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What had changed?  A few days earlier in Selman et al. v Cobb County School Board a federal judge ruled that stickers included in textbooks in this Georgia school district need  to be removed because it “improperly entangled itself with religion”.

This textbook contains material on evolution. Evolution is a theory, not a fact, regarding the origin of living things. This material should be approached with an open mind, studied carefully, and critically considered.

Approved by Cobb County Board of Education Thursday, March 28, 2002

Of course, Beebe’s sticker went far beyond the Cobb County three-line sticker.  By a July, the Beebe School Board in fear of lawsuit ordered the removal of the stickers.  A month later Beebe teachers were ripping the pages with the stickers out of the textbooks.

The teaching of evolution in Arkansas has always had a contentious history.  The landmark 1968 Epperson v. Arkansas trial invalidated an Arkansas statute that prohibited the teaching of human evolution in the public schools.  Nearly four decade later the issue of teaching evolution was still controversial. In 2003, Bob Dunning, a pastor of Rocky Comfort Assembly God Church, asked for a religious exemption for Rogers school district students to opt out of evolution studies.   Dunning brought several pastors and nearly three dozen congregational members with him to the April school board meeting.  Dunning proclaimed in these proceedings that “Evolution is the worst thing ever foisted on human beings.”  The school board voted against this 5-2 largely because local school boards cannot pass resolutions exemption students from any state required class work.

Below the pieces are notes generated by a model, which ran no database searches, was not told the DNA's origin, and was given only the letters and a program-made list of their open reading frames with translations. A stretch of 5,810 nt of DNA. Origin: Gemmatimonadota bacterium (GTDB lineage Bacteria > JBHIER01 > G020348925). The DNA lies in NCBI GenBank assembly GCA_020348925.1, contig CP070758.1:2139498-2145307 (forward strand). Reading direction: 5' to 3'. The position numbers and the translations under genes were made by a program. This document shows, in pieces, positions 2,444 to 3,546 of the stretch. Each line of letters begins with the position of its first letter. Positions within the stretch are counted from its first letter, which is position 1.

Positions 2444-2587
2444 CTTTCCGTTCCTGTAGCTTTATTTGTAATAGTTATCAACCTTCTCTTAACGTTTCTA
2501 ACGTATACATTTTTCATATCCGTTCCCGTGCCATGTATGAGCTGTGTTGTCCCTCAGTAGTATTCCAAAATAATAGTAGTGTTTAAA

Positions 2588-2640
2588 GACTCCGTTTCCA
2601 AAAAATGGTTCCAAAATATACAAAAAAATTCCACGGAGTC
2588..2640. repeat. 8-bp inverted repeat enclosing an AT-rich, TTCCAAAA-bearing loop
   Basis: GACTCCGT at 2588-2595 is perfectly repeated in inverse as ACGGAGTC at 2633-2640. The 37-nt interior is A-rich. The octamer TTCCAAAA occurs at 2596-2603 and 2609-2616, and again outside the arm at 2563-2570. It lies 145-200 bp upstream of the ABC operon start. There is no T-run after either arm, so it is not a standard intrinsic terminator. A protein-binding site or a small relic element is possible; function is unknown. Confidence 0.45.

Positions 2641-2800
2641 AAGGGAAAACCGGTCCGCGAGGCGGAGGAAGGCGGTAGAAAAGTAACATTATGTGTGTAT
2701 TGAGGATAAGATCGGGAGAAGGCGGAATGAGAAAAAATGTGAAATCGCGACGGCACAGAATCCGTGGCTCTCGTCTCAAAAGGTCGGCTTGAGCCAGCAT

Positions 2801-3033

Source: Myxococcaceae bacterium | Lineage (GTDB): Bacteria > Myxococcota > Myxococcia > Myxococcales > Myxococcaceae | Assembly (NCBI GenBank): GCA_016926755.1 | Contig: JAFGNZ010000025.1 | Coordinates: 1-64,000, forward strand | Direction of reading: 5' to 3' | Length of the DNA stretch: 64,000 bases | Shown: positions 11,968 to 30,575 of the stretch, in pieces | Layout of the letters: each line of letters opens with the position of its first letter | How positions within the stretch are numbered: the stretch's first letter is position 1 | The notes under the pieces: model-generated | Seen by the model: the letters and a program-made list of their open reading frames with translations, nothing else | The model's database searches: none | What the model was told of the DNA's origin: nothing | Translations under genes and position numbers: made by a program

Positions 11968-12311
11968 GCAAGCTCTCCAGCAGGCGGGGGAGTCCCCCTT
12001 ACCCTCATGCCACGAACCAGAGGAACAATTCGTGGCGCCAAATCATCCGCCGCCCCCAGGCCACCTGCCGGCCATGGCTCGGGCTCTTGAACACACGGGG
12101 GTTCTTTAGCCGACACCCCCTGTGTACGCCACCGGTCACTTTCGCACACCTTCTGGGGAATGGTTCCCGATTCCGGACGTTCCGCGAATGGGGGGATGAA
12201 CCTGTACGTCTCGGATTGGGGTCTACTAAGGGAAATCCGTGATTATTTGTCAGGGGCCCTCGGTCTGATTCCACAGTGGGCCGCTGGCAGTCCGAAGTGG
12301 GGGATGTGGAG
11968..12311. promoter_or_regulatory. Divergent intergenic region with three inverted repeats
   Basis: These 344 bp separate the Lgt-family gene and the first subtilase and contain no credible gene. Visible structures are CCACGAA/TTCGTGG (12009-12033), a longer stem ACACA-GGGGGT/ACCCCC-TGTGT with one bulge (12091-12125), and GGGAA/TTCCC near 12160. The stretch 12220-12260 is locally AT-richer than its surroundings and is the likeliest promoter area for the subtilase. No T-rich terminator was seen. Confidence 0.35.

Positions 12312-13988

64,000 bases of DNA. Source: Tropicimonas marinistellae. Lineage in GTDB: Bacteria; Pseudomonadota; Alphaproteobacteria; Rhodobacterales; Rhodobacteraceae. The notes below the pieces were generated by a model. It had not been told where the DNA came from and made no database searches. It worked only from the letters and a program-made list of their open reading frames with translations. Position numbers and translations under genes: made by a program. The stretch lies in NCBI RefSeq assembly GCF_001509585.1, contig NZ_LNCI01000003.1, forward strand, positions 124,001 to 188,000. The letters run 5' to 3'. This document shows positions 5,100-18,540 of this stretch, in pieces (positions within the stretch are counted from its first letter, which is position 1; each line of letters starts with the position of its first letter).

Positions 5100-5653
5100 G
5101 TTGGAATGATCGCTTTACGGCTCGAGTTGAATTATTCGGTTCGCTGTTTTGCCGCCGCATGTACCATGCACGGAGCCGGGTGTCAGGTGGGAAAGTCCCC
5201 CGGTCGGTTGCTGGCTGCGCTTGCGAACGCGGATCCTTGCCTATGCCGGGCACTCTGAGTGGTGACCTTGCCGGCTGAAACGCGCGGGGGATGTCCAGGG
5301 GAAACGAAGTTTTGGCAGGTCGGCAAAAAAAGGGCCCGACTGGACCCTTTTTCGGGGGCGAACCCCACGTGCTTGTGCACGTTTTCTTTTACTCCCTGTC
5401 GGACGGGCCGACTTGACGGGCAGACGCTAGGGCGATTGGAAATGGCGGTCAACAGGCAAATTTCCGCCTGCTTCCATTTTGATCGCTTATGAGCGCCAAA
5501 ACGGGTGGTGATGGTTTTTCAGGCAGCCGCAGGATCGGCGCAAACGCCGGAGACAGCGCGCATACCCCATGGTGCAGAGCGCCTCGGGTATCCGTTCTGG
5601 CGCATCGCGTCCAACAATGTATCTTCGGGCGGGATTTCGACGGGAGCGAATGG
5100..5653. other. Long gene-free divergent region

In 2007, also in the Roger’s School District, a dentist, Don Eckard, and a patron, Mark Moore, approached Rogers school board to augment textbooks with “supplemental materials” including a DVD “How to Teach the Controversy Over Darwin Legally”and other materials from the pro-intelligent design and conservative think tank Discovery Institute .  Eckard stated

Teachers may have trouble fully meeting state science standards without supplemental materials for textbooks when some textbooks present a one-sided commitment to a portion of the material covered…all four [biology textbooks] present the neo-Darwinism theory of evolution…with very little critical analysis…no objective observer can look at these textbooks and with intellectual integrity say they fulfill state standards.

Roger’s High School science teacher, Steve Long, stated the materials were

superfluous and may detract from the overall biology curriculum by creating confusion where no mainstream controversy exist or adding additional days of instruction to an already crowded curriculum.

The school board ultimately didn’t adopt these extra materials

But all of this may be a moot point.  Fifty miles south of Rogers in the Ozarks is Cedarville, Arkansas. I graduate from the small high school here.   There were a mere 42 people in my graduating class.  I never once heard about evolution during any of my science classes. Not once.  Evolution was simply not a controversy because my teachers never mentioned the topic despite being a requirement of Arkansas state science standards.  

This absence is by far more dangerous than the visible cases about whether evolution should be taught.  In these silent school districts the choice has already been made. Censorship rules the day.